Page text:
Is “Three a Crowd” when it comes to relationships?

When I was in graduate school, the idea of using triangulation in relationships had a pretty bad rap. But there are healthy things about relationship triangles too. (As an aside, a great book that discusses triangulation is Harriet Lerner’s The Dance of Intimacy).

What is triangulation, and what are relationship triangles anyway?

Well, triangulation itself refers to pulling in a third party to avoid the heat of having to deal directly with some anxiety or conflict in a two-person relationship. An example of this is when a parent complains to a child about the other parent, instead of communicating directly with the other parent about their gripes. This kind of intergenerational triangle can be tricky because not only is there an avoidance of direct communication between the two parents, but there is also an unhealthy boundary violation by using a child to manage a problem between two adults or two parents. However, triangulation doesn’t  have to involve an intergenerational boundary crossing. For example, a woman may complain to her best friend every time she gets upset at her husband instead of talking to him directly.

But there are other aspects to relationship triangles besides for unhealthy “triangulation” that bear mentioning too. By a relationship triangle, I mean a relationship dynamic involving three parties. Usually there is a relationship dyad operating at any given time, in which there is some kind of interaction between two of the parties. The third person is usually on the outside of the dynamic, either as the person being excluded or else as an observer or mediator. An example of a relationship triangle is the bully, victim, bystander triangle. The bully and victim are interacting and then there is also the witness to the interaction; this can be a person who is either trying to protect the victim from the bully, or conversely, egging the bully on. It’s clear in this case that the bystander has a lot of power to affect the victim/bully dynamic by his response to what he witnesses. Being an outsider comes with a power of its own.

A mother, father, child triangle is another crucial triangle in development. In many cases, the mother is the primary caregiver when a child is very young, and in this case, the mother and child are intensely close and enmeshed as the child depends unconditionally on the mother for basic survival needs such as food and care. The father is often a bit on the sidelines, although the mother’s separate relationship with the father matters a whole lot too. The father’s indirect influence both affects and is affected by the mother’s relationship with child, even though he is not as central as the mother is. The mother needs the father to ground her when the caretaking load become too much; she needs his support. The father may take pleasure in observing his wife and child interacting. The father can also take over and take care of the child when the mother needs a break. He can provide other kinds of support indirectly as well.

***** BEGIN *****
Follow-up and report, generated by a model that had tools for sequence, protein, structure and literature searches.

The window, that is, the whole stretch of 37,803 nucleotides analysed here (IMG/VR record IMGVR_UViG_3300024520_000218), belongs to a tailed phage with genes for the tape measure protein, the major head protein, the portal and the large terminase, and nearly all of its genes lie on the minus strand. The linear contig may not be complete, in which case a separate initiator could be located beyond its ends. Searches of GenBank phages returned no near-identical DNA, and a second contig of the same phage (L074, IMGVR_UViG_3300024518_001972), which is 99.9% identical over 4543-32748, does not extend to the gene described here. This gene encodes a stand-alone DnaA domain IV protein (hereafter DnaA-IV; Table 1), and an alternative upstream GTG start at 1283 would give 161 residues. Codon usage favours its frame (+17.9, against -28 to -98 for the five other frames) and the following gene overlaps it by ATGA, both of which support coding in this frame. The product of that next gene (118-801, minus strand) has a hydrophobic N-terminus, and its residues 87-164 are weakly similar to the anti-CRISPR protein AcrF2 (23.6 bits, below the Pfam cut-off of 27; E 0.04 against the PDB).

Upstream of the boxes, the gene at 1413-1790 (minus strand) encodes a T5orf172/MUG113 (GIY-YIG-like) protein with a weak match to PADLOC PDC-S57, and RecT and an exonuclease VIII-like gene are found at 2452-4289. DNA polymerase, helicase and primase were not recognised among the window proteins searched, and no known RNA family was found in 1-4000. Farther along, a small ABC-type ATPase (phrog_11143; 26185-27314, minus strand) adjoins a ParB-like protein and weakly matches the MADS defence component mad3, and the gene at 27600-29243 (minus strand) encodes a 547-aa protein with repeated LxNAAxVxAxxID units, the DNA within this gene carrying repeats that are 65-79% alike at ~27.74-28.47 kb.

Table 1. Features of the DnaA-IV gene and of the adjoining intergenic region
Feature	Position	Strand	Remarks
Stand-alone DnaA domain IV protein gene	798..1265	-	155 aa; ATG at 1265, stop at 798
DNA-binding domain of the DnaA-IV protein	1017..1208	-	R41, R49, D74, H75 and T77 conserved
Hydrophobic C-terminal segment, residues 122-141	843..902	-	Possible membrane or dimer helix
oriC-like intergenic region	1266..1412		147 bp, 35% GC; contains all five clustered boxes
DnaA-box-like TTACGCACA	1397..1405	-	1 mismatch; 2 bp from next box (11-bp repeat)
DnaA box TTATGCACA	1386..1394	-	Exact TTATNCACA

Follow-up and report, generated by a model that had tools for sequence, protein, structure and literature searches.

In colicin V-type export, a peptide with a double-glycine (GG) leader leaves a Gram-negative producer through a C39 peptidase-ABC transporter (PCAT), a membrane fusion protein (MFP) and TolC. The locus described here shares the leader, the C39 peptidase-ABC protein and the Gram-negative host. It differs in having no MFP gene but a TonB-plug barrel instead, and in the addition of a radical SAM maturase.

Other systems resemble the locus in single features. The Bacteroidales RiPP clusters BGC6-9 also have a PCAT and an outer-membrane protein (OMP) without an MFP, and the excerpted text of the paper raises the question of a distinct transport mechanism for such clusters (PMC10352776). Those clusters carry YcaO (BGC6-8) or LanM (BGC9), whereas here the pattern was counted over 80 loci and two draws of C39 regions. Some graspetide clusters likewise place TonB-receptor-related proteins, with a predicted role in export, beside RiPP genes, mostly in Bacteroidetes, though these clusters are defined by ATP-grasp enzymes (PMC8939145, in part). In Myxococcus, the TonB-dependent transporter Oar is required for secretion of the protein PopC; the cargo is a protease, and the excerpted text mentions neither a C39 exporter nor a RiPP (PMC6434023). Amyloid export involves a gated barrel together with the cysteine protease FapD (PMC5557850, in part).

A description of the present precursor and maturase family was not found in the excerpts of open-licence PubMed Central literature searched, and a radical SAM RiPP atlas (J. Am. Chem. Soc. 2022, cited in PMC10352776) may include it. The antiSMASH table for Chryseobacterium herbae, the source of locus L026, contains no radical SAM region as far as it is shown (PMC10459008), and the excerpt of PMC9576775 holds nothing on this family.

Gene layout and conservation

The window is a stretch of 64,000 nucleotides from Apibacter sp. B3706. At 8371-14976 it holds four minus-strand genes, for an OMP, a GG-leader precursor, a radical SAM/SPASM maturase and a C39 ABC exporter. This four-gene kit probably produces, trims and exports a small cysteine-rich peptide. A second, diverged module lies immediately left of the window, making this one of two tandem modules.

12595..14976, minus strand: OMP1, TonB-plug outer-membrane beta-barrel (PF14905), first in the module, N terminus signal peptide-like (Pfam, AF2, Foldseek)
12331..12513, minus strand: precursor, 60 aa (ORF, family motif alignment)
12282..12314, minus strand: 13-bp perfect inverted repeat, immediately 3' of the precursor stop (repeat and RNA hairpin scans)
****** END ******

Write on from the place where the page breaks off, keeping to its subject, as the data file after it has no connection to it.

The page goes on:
As a child gets older, this mother/child caregiving dyad changes somewhat and the child may become more interested in direct interactions with father that are more about things like stimulation, fun, and playfulness than maternal functions such as eating or being held. The child also develops cognitively and becomes aware of the fact that his parents have their own relationship with each other from which he is at times excluded, perhaps to be left with a babysitter or shut out by a closed door to the parental bedroom. These are pivotal experiences that help a child learn to be an observer and an outsider, and that also help the child  learn to view himself from an objective point of view. He develops the ability to see himself the way an outsider might see him and along with this comes a nascent capacity for perspective taking. Feeling excluded from the parental relationship can be painful but also relieves the child of feeling that he is his mother’s whole world. This allows him to separate and to use other relationships to get some of his needs met, for example at school and with friends. Learning to manage this mix of relief and disappointment is a crucial piece to healthy development.

Sometimes an objective third party can also be helpful in terms of mediating a relationship, as long as there is a sense of mutual respect amongst all the parties and a feeling of security that the whole picture is being kept in mind. For example, if a teenager feels that his father is being too rigid about his curfew and gets into a power struggle each time he tries to bring it up with his dad, Mom might be able to help out by helping the two of them talk to each other more effectively or even by talking with Dad privately on the teenager’s behalf. The important thing here is for the mother to respect the father’s position even as she might offer another perspective, and for this to be sensed by the teen. It’s also important in families that triangles don’t become too rigid; in this case for example, that would be if the mom was constantly stepping in to mediate between the father and the teenager. This kind of triangulation or mediation is okay once in a while, as long as all three parties have their own separate relationships with each other and an overall relationship to the family system. It wouldn’t be healthy for the triangulation to be fixed. It can also be helpful sometimes to run a situation by a third party before bringing it up directly with the person involved; sometimes this helps the communication to be more effective.

What are the triangles in your relationships and are they working well or not? Let me know your thoughts on my facebook page.